Using history.go() to get to the *last* item in the history

Discussion in 'Javascript' started by Niall, Dec 4, 2006.

  1. Niall

    Niall Guest

    When I say 'last', I mean (eg.) the 100th item in a 100-item history
    list, *not* the immediately previous one!


    The problem is, the history.go() method only allows *relative* movement
    through the history list. I need to go directly to the end -- an
    *absolute* movement -- and there doesn't appear to be any way of
    finding out the number of 'steps' that would require.

    Ideally, what I would use would be something of the form:

    history.go(history.length - history.mythic_current_position_attribute);

    ....but that attribute appears to be a product of my fevered
    imagination, or at least isn't documented anywhere.

    Can anyone help? The idea is that if anyone uses the drop-down 'go back
    many items' control in their browser, the site immediately bumps them
    forward to where they came from; currently I have this implemented as
    history.go(+1) at the top of each page, but this can end up with a
    chain of 10+ page requests, which is rather too easy to interrupt.

    (Aside: why do I keep getting 'permission denied' errors when I try to
    access history.current via Firefox?)


    Thanks in advance,

    Niall
     
    Niall, Dec 4, 2006
    #1
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  2. Niall

    pcx99 Guest

    Niall wrote:
    > When I say 'last', I mean (eg.) the 100th item in a 100-item history
    > list, *not* the immediately previous one!
    >
    >
    > The problem is, the history.go() method only allows *relative* movement
    > through the history list. I need to go directly to the end -- an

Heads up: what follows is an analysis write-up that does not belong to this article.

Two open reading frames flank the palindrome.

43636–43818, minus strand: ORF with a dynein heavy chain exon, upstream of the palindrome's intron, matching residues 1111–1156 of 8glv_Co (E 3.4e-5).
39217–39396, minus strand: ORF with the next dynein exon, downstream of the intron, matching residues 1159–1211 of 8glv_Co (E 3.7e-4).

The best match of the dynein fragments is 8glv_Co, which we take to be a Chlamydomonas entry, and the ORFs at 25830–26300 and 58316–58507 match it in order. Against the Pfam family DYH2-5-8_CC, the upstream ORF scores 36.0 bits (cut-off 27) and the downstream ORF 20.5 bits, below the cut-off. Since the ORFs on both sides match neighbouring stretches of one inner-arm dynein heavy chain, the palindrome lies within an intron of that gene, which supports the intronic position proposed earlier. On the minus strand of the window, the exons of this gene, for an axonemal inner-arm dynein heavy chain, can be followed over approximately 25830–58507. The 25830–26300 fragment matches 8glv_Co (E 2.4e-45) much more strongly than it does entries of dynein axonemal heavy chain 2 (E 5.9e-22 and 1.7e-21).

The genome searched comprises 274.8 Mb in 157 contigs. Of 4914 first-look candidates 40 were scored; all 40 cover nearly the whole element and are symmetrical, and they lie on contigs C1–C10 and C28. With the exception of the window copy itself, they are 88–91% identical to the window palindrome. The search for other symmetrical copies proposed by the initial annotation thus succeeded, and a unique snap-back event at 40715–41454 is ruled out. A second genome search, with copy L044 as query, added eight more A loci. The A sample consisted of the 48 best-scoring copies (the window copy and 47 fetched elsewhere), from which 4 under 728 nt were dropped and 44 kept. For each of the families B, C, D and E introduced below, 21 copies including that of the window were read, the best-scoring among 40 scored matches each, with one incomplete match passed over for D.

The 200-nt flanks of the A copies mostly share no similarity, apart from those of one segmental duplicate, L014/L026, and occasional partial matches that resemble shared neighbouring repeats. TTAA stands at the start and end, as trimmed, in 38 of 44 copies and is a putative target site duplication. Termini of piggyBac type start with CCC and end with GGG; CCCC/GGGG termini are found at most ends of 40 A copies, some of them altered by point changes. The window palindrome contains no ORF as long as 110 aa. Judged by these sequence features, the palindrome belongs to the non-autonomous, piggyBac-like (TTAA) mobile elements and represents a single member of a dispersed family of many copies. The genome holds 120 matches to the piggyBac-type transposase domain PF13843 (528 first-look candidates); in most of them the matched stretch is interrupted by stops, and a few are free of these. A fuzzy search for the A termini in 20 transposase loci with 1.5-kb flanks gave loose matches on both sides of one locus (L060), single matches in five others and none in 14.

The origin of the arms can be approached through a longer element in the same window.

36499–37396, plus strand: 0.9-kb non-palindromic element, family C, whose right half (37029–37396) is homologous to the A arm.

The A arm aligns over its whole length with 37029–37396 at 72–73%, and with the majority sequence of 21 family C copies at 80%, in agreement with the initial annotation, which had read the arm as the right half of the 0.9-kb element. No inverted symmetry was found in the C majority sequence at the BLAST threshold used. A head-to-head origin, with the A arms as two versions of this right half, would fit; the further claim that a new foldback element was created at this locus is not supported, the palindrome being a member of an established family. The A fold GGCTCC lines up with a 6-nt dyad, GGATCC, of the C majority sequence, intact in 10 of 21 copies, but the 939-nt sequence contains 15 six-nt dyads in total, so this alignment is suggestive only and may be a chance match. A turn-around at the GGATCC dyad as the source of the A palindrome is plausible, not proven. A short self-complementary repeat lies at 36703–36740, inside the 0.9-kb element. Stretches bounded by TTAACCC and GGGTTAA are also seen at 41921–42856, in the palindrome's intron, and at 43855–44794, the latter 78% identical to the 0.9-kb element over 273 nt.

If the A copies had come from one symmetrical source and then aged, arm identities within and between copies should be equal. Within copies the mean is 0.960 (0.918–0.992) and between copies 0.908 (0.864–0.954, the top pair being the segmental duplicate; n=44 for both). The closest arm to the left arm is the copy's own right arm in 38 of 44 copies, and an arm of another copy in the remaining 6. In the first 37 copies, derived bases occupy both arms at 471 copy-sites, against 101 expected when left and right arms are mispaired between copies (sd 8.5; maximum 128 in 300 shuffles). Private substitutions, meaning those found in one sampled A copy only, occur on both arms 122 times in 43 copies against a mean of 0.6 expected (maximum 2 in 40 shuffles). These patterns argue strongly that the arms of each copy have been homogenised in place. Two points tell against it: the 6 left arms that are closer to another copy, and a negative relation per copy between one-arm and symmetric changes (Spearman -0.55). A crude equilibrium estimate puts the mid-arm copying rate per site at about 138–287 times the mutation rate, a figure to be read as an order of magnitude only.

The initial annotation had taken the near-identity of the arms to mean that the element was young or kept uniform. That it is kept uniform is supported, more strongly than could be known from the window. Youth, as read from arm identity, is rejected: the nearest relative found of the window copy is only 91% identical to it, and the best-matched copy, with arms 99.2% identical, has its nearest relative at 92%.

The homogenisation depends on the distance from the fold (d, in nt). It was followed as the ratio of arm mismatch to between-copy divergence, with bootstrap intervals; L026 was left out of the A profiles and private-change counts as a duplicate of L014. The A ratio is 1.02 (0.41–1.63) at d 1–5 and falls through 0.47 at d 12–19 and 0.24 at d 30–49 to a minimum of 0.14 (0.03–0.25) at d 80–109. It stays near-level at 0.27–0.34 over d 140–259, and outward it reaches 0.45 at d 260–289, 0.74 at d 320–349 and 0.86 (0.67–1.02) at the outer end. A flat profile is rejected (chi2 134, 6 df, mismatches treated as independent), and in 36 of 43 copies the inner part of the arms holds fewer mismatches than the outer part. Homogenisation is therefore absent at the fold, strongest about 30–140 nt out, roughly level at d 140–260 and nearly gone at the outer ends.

> *absolute* movement -- and there doesn't appear to be any way of
    > finding out the number of 'steps' that would require.



    There's a reason for this. You're bumping into the walls of the
    browser's sandbox meant to keep your site relatively isolated from the
    user's private data. Imagine if the history was accessible....

    Welcome Mr. Smith. Amazorn.net is your one button shopping experience.
    We see that you recently visited monkeyspankingsex.com, there will be an
    additional $100.00 charge to your account tonight unless you'd like us
    to email Mrs. Smith your browser history.

    Ewww.

    Since you appear to want to navigate only within your own site, you can
    make your own history model with the use of cookies. That's a lot of
    work really (and probably why people responsible for browser standards
    weren't falling all over themselves to make the history list more
    accessible for in-site navigation). If you decide to implement cookies,
    remember there's a size limit per site (off the top of my head I'd say
    it's 4k) and a lot of (very smart) people surf with cookies OFF unless
    deliberately turned on, on a site-by-site basis.

    ---------------------------------------------------------------------------
    http://www.hunlock.com -- Permanently under construction (And proud of it!)
    $FA
     
    pcx99, Dec 4, 2006
    #2
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  3. Niall

    Niall Guest

    pcx99 wrote:

    > There's a reason for this. You're bumping into the walls of the
    > browser's sandbox meant to keep your site relatively isolated from the
    > user's private data. Imagine if the history was accessible....


    I thought that might be the case. Ah well...

    > Since you appear to want to navigate only within your own site, you can
    > make your own history model with the use of cookies.


    Not exactly; the idea is that someone who leaves the site shouldn't be
    able to get back to it using the back button (it's a secure office
    productivity web app, and we can't rely on the users logging out
    properly if they leave the site, then wander away from their desks with
    the browser still open), however I might be able to come up with
    something similar.

    Ta much...
     
    Niall, Dec 5, 2006
    #3
  4. Niall

    Niall Guest

    Update - because Internet Explorer (6, anyway, and we can't support 7
    yet) doesn't send referer info with JavaScript page requests, a
    referer/request checking system doesn't work either.
     
    Niall, Dec 6, 2006
    #4
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